Where are we so far
Focusing on inequalities in youth active citizenship:
Findings from large European surveys.
Some results from the CATCH-EyoU project
Are there inequalities in youth active citizenship across Europe? How is youth active European citizenship formed by the context? How do individual characteristics (e.g. age, gender, immigrant background, or socioeconomic status) affect active European citizenship in youth? How can we employ contextual forces to reduce individual inequalities in active European citizenship?
These are the main questions that have guided a research conducted under the coordination of the University of Bologna as part of Catch-EYoU (Constructing AcTive CitizensHip with European Youth; http://www.catcheyou.eu), a project funded by the European Union’s Horizon 2020 research and innovation programme.
Active European citizenship refers to people’s psychological connection to the European community and their active involvement with this community. Being an active citizen represents a way to make one’s voice heard and to effectively influence public issues. If there are systematic differences in active citizenship between people coming from different socioeconomic and cultural backgrounds, attending different schools, or living in different countries, it means that the voices of people in society are represented in an unequal and possibly undemocratic way.
A re-analysis of data from several large European surveys (*) pointed out that active citizenship of young Europeans between 14-30 years is affected by several types of inequality (e.g., socioeconomic, gender, or age). Young people coming from less affluent and educated backgrounds are less politically active, less likely to vote, less involved in various civil associations and groups, less communicating about European issues, less involved in European or international projects, or less psychologically connected to Europe in terms of their European identity and trust in European institutions. Possible reasons for this pattern seem to be both psychological (e.g., less affluent and educated people are less interested in politics or less willing to vote) and structural (e.g., less affluent and educated people report a lower number of opportunities for international volunteering).
(*) Processes Influencing Democratic Ownership and Participation (2011), International Civic and Citizenship Education Study (2009), European Social Survey (2002-2012), Eurobarometer (2007-2014), Education, Audiovisual and Culture Executive Agency 2010/03: Youth Participation in Democratic Life (2011), and International Social Survey Programme (1995-2013).
Regarding gender differences, young women, compared to young men, are less interested in politics or slightly less involved in civil associations and groups. On the other hand, women’s involvement in less institutionalized civic activities (e.g., boycotting products for political reasons or donating money) is comparable to or sometimes even higher than in men. It should be also stressed that all these gender inequalities are typically present not in every but only in some European countries.
With age, i.e. moving from adolescence to the late twenties, young people tend to be less trusting in European institutions and less supportive of European unification. They also become more involved in conventional political activities. On the other hand, their participation in international projects slightly decreases, which is probably caused by some more general changes typical for this life period (e.g., having children, leaving school, and finding a stable job).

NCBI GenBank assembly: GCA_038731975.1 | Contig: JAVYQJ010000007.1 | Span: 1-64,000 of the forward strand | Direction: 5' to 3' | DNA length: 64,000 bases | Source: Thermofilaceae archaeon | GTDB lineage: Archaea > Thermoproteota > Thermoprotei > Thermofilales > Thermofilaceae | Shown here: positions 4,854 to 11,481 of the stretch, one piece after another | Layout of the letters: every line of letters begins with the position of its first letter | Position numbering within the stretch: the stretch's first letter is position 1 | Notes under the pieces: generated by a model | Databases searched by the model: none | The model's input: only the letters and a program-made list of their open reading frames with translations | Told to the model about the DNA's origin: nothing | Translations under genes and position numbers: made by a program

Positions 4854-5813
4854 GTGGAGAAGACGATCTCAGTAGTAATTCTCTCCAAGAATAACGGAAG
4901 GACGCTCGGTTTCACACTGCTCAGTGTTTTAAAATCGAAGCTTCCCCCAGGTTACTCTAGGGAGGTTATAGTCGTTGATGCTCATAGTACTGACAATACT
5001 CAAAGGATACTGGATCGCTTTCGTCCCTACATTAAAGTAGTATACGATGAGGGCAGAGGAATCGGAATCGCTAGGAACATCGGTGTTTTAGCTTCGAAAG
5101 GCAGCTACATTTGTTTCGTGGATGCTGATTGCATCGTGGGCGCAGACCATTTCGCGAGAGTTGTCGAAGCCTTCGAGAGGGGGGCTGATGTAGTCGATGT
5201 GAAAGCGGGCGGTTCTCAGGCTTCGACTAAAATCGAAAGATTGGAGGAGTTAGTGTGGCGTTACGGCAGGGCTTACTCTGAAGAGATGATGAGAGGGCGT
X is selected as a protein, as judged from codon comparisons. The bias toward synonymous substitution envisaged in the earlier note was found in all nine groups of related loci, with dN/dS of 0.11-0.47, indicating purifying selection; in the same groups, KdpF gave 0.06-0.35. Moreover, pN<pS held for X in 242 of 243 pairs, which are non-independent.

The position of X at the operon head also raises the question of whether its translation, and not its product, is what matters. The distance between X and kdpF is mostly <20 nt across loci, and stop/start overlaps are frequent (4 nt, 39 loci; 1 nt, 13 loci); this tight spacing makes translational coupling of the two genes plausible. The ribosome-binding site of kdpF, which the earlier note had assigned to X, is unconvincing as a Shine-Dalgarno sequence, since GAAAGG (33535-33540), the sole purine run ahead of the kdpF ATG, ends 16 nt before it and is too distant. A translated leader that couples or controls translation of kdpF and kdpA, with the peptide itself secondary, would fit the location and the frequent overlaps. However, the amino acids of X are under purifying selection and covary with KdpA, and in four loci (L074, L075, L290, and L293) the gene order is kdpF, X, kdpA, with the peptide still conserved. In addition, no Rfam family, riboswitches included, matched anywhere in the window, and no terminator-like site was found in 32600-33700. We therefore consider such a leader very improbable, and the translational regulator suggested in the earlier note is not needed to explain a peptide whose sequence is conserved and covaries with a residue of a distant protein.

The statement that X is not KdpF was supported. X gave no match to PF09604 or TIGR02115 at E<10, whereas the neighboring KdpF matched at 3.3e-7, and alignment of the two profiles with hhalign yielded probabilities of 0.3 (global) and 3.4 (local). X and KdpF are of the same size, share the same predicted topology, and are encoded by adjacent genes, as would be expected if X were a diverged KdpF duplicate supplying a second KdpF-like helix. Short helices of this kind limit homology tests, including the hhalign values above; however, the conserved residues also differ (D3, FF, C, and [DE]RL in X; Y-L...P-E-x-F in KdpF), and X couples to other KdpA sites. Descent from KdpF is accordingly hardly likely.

Besides individual-level factors, active European citizenship is formed by contextual forces. At school, active European citizenship is strengthened by the opportunities for learning about European issues and by the presence of pro-active citizenship norms. From a country-level perspective, active European citizenship is less common in countries characterized by greater economic and gender inequalities. Furthermore, European and international participation is limited in the countries that have been recently affected by the economic crisis and/or massive youth unemployment. In contrast, young people from wealthier European countries have somewhat stronger European identity and do more voluntary activities targeting European and international issues.
Contextual forces might play an important role not only by globally affecting all people across the context, but also by moderating (reducing or augmenting) the inequalities caused by people’s individual characteristics. For instance, numerous inequalities given by socioeconomic status are greater in less wealthy countries and countries with greater income inequalities. Not surprisingly, men’s and women’s chances of voting are equal (or even in favor of women) in countries with high gender equality. Low economic and gender inequalities also support the positive association between national identification and the identification with Europe.
Overall, these results show that individual-level inequality can be, to a certain extent, counteracted by addressing contextual inequality. While it is unlikely that socioeconomic inequalities will cease to exist, there are possibilities to counteract individual inequalities in schools and through decreasing economic and other inequalities at the country level. This implies that school curricula should involve opportunities for students’ learning about Europe. Schools also need to be sufficiently resourced to offer opportunities for exchange with other European countries. Finally, living in an unequal society clearly has a negative impact on youth’s active citizenship. Hence, economic redistribution within the European Union, policies that help to reduce gender inequality and measures for reducing youth unemployment can be seen as strategies supporting active citizenship in young people.